- Nights of Crime
The Geelong Advertiser reported on two meetings held to help secure diggers’ holes from robbery at night.
- 18 February 1852
- Published Source
- Australian National Dictionary Centre, The Gold Rushes and Australian English: a resource for researchers, teachers and students, Australian National University, 2005, http://www.anu.edu.au/andc/res/aus_words/gold/index.php. Details
- This material is provided by the Australian National Dictionary Centre, a joint project of the Australian National University and Oxford University Press Australia.
Two meetings have been held in the Golden Gully to devise the best means for protecting the holes at night, which has resulted in the appointment of night watchmen armed, who are drafted from the respective parties in the locality for that service. The diggers are now convinced that to themselves they must look for protection, and without such precaution as above stated, there is no safety for property at all against the hordes of thieves infesting the diggings, who have and still do set law, order, and decency at defiance. For the protection of the honest man there is not the shadow of authority; he is driven back to first principles, and is obliged to repel brute attack by brute force. Society ere long will be resolved into its primitive elements, and thieves and honest men be warring like hostile tribes. Men are becoming accustomed to acts of violence, that but a few months ago they would have shuddered to contemplate. Pistols and guns are now familiar weapons, handled with the greatest nonchalance, charged and placed conveniently for use within arm’s reach of the sleeping man to be used as emergency may require, and as many guns are discharged preparatory to reloading every nightfall, as would provide arms for a small army. Use is everything, and hence a pistol is as common as an extinguisher was wont to be, and like an extinguisher is the last thing handled before turning in. Not a night passes without disturbance and robberies. Grog shops vomit out their besotted occupants brimful of blasphemies and obscenity, the staggering drunkard is watched, waylaid, robbed and maltreated; the proceeds ill-gotten are ill-spent, gambling precedes thieving, tossing up coppers for pound notes leads to fighting, and that to robbing again, and so the round of vice circles continually. Thieves are linked together in strong concert for evil; honest men are disunited and become their prey[;] and the government stands by listless as a disinterested spectator, having no community of feeling with either party and reckless whether vice or virtue gained the predominancy. True, when urged by some extraordinary outrage, if any outrage can be extraordinary where the whole gamut of crime has been run down, the government officers will burn down a tent and destroy the spirits, but a remedy to the present state of affairs must not be sought in a bonfire or the destruction of a gallon or two of rum[:] the disease is too dangerous, and deeply rooted to be eradicated by sacking a tent or firing a case of gin.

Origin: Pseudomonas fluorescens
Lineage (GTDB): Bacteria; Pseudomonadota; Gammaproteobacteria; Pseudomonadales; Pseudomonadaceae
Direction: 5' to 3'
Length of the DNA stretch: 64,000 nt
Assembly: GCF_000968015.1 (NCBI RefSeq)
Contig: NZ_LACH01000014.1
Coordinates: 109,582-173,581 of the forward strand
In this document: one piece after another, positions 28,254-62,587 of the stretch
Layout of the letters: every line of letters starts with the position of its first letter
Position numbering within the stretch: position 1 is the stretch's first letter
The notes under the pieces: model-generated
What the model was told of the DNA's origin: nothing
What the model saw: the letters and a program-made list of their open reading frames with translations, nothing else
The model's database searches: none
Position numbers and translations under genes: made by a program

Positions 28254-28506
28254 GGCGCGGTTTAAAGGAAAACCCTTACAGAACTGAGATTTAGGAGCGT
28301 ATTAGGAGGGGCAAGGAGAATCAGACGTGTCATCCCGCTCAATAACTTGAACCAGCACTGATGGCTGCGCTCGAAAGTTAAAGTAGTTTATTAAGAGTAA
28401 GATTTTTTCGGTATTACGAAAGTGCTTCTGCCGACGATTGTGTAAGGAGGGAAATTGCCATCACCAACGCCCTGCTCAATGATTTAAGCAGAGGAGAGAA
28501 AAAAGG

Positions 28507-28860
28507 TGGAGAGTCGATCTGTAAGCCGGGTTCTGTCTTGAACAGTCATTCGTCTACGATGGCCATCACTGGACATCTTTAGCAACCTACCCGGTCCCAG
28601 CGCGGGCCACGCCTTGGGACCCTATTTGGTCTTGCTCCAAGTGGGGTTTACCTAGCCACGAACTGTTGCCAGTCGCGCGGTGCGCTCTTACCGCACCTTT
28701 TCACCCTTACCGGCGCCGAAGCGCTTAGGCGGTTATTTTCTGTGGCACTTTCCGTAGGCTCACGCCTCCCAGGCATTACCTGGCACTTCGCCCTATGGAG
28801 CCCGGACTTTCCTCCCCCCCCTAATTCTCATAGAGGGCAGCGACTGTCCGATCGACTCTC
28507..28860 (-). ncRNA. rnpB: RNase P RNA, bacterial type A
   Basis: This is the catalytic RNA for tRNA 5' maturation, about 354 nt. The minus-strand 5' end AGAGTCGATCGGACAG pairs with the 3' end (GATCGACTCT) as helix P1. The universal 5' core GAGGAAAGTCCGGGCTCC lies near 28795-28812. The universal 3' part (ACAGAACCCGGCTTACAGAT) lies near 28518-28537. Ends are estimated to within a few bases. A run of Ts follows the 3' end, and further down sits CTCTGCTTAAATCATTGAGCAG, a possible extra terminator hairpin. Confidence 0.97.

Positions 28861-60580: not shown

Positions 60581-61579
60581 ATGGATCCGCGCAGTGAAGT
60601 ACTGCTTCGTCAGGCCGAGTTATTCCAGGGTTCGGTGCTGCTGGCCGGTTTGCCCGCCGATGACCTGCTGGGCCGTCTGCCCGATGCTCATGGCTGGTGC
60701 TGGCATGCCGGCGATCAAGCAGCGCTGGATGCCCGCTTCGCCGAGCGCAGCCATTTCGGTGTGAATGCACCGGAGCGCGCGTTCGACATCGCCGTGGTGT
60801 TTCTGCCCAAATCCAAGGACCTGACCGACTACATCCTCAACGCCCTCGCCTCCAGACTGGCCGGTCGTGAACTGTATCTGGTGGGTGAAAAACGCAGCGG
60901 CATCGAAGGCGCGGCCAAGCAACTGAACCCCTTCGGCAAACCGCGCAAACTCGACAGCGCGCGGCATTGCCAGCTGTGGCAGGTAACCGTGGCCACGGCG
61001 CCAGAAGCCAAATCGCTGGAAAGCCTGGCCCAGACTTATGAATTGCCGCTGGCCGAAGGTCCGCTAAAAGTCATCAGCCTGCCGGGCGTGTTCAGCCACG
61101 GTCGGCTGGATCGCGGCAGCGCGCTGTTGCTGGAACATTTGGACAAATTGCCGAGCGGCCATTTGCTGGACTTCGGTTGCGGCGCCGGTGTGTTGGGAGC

The government has deserted its people. It may be asked in excuse for its lethargy what can it do in the present juncture of affairs? Can you point out any remedy, any mode of action that it can follow,—if not, why grumble? To these queries it may be replied with justice, that a government which cannot provide for an emergency, but is only equal to the common jog-trot pace of every day circumstances, is a government only in name, and fails in the very essential requisite of its constitution, wanting which it is worthless—a mere mumbo jumbo of shreds and patches, and no more. What avail excuses when life and property is unsafe? The doctrine of I can’t help it, never saved an individual, nor will it serve a government. "Laisser aller" is the motto of a sluggard; a regime of this kind might suit a nation of Sloths; but where enterprise is rife and crime culminating, the reins of government may be snatched from a sleepy "Rip Van Winkle" of a driver, and assumed by some one more capable of managing the restive teams. If the government sleep much longer—but that cannot be except the gold has mesmerised them, and if I mistake not Dr Elliotson believes it to possess that power, and if so there will be a second edition of the "Seven Sleepers of Christendom," and there is "no help in them."
On Thursday, another seizure of spirits was made on Friar’s Creek, four men were taken and handcuffed, two were afterwards released, one was detained on a previous charge of rescuing a prisoner, and the fourth man seeing the police busily occupied, very coolly walked away towards some tents at the base of a high range, up which he started with the handcuffs still upon him, and made his escape without being observed by the vigilant officers. The same evening a party of police paid a visit to another tent suspected of being a sly-grog selling establishment, which was searched, but nothing was found to implicate the parties residing there. A crowd had collected, the police were jeered at for their ill success; one of the police asked for some water, which the occupant of the tent refused to give him, some wrangling ensued, the crowd increased, and amongst others was a young man named George Stratford.
Geelong Advertiser, 18 February 1852
Created: 16 October 2006, Last modified: 13 February 2007